What lies beneath part 2: the corset and beyond

We have a fantastic costume collection at Chelsea Reference Library and Gillian Nunns, one of our Triborough Reference Librarians has been taking a look….

In What lies beneath part 1′ I had a look at the bizarre story of the crinoline in the context of the changing tides of fashion.  Which brings us to the corset, which also has something of a bizarre, if not more sinister history than the crinoline.

The corset had gone out of fashion in the Regency period of the early 19th Century, when a natural figure and light muslin dresses were in fashion.  Although they still existed in various guises, it was in the 1870s when bustles meant that clothes were moulded to the body at the front of the skirt and around the hips that the corset came back into its own.  The corset industry received a lot of impetus, leading to a great variety of types of corset, and different inventions around their design were advocated.   Also, ladies’ magazines of the time began giving more descriptions of corsets and advertised them frequently, such as this one from the Giraud Company in the 1880s.

Corset advert from Giraud Company
Corset advert from Giraud Company

And here is an image that I found in Support and Seduction by Beatrice Fontanel, advertising the “Thylda” corset.

"Thylda" corset from 'Support and Seduction by Beatrice Fontanel
“Thylda” corset from ‘Support and Seduction by Beatrice Fontanel

The corset also became hugely controversial as it brought with it a trend for smaller and smaller waists, and the controversial practice of “tight-lacing” – a practice which involved systematically reducing a woman’s waist by means of lacing the corset as tightly as possible over a period of time.  The controversy is very well documented as readers of the time could now write to publications with their views, which make interesting (if not painful) reading as I discovered from looking through our Englishwoman’s Domestic Magazine issues.  In 1867 one lady described the practice of “tight-lacing” at her school and described girls competing to have waists of 13 inches (which I hope was an exaggeration!)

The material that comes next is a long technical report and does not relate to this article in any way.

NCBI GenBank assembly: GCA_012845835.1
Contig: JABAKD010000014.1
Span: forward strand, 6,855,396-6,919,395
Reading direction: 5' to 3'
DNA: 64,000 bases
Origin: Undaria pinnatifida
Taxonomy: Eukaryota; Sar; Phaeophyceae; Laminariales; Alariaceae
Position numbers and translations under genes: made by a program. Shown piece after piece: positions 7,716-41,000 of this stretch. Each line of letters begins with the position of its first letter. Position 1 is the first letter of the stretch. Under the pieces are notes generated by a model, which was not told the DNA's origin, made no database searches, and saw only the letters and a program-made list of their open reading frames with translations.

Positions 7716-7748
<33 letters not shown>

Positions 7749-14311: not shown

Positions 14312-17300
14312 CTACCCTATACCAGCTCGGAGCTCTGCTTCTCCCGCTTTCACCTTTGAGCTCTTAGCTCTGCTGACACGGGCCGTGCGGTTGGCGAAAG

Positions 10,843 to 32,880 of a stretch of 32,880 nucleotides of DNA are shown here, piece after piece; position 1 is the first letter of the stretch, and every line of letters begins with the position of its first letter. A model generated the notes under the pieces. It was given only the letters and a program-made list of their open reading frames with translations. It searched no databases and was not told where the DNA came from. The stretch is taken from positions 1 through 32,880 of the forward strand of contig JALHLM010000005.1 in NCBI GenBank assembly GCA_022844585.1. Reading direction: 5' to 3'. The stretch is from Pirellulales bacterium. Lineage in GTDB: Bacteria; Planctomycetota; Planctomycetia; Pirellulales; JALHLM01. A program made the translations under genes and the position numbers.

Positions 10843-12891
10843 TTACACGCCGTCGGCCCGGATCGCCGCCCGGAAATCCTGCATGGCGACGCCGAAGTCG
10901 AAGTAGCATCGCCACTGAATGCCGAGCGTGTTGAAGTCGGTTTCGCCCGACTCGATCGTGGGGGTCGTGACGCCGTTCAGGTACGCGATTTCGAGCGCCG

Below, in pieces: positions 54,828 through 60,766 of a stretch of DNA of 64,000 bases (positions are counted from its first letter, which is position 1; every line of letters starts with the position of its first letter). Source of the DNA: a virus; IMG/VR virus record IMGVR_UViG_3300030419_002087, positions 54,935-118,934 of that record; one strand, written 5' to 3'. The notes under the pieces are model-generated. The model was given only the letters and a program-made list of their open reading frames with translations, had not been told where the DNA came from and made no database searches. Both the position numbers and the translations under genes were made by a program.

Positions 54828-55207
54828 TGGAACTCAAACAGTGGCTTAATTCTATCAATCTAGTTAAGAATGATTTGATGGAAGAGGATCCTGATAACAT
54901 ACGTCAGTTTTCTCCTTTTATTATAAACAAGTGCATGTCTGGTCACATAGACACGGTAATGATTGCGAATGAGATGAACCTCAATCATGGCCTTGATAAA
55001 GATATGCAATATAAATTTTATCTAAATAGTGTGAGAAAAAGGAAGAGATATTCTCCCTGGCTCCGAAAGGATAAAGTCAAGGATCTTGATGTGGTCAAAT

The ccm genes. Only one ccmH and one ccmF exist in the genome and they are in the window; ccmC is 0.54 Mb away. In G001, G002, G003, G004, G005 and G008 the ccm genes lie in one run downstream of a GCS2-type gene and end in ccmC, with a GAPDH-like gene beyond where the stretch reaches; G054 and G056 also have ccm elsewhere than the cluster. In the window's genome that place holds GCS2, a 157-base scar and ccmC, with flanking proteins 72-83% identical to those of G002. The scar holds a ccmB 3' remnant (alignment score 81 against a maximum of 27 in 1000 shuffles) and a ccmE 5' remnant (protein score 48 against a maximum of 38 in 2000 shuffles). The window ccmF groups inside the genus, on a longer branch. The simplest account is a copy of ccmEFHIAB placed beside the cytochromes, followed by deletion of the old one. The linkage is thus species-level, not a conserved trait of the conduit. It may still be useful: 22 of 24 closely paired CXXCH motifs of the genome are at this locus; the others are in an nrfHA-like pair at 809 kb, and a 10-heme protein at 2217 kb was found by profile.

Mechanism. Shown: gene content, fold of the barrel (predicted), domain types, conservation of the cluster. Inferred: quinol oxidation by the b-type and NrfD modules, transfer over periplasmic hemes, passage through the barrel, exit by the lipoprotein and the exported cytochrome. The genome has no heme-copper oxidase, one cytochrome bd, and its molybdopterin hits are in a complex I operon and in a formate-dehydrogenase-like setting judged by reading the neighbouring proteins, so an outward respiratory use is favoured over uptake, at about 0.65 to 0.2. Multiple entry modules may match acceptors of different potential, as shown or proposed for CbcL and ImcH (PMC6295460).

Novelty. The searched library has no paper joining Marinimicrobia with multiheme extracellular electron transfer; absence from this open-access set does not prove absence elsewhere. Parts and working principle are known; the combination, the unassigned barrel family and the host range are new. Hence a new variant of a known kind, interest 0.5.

“Every morning one of the maids used to come to assist us to dress, and a governess superintended, to see that our corsets were drawn as tight as possible.  After the first few minutes every morning I felt no pain, and the only ill effects apparently were occasional headaches and loss of appetite. Though I have always heard tight-lacing condemned, I have never suffered any ill effects myself, and, as a rule, our school was singularly free from illness”  

(From Englishwoman’s Domestic Magazine, 1868)

But many thought otherwise, and The Lancet was one publication that regularly voiced concerns, here is one comment quoted in the Englishwoman’s Domestic Magazine, 1968:

 “The mischief produced by such a practice can hardly be overestimated.  It tends gradually to misplace organs of the body, while, by compressing them, it must from the first interfere with their functions.  The grounds upon which Tight-lacing has been recommended are diametrically opposed to the teachings of anatomy and physiology, not to say common sense”

Despite many speaking out against the practice of tight-lacing corsets, the practice continued, although alternatives were invented, such as this orthopaedic corset that we found an illustration of in a book called The Corset; A Cultural History by Valerie Steele.

Orthodpaedic corset from 'The Corset; A Cultural History' by Valerie Steele
Orthopaedic corset from ‘The Corset; A Cultural History’ by Valerie Steele

Fashion only turned away from the corset apparently of its own accord in the early 20th Century, and almost overnight the hobble skirt and a more natural figure was all the rage, as depicted in this postcard of around 1911.

Hobble skirt
Hobble skirt

And here an advert for what might have been underneath, which I found in The Story of Women’s Underwear by Muriel Barbier and Shazia Boucher.

An advert from 'The Story of Women's Underwear' by Barbier and Boucher
An advert from ‘The Story of Women’s Underwear’ by Barbier and Boucher

And when the First World War broke out practical concerns played a crucial role in women’s fashion which perhaps hadn’t in earlier times.  No longer could women take up any fashion despite their practical drawbacks, and the sometimes bizarre undergarments that they entailed.   I was  interested in seeing illustrations of typical fashion in different decades of the 20th Century in a book called Changing Trends in Fashion by Anne Tyrrell, including this one from the time of the First World War.

Wartime dress image from 'Changing Trends in Fashion' by Anne Tyrell
Wartime dress image from ‘Changing Trends in Fashion’ by Anne Tyrell

I also had a look at the future of the undergarment in our issues of Vogue from the 1920s and 30s, and noted the peculiar names given to types of undergarments using new materials that allowed for greater freedom of movement.

From Vogue 1923
From Vogue 1923
From Vogue 1936
From Vogue 1936

And how about this now-not-so-sensational shape advertised in Vogue 1978.

From Vogue 1978
From Vogue 1978

And a French advertisement from 1984 that I found in The Story of Women’s Underwear by Muriel Barbier and Shazia Boucher.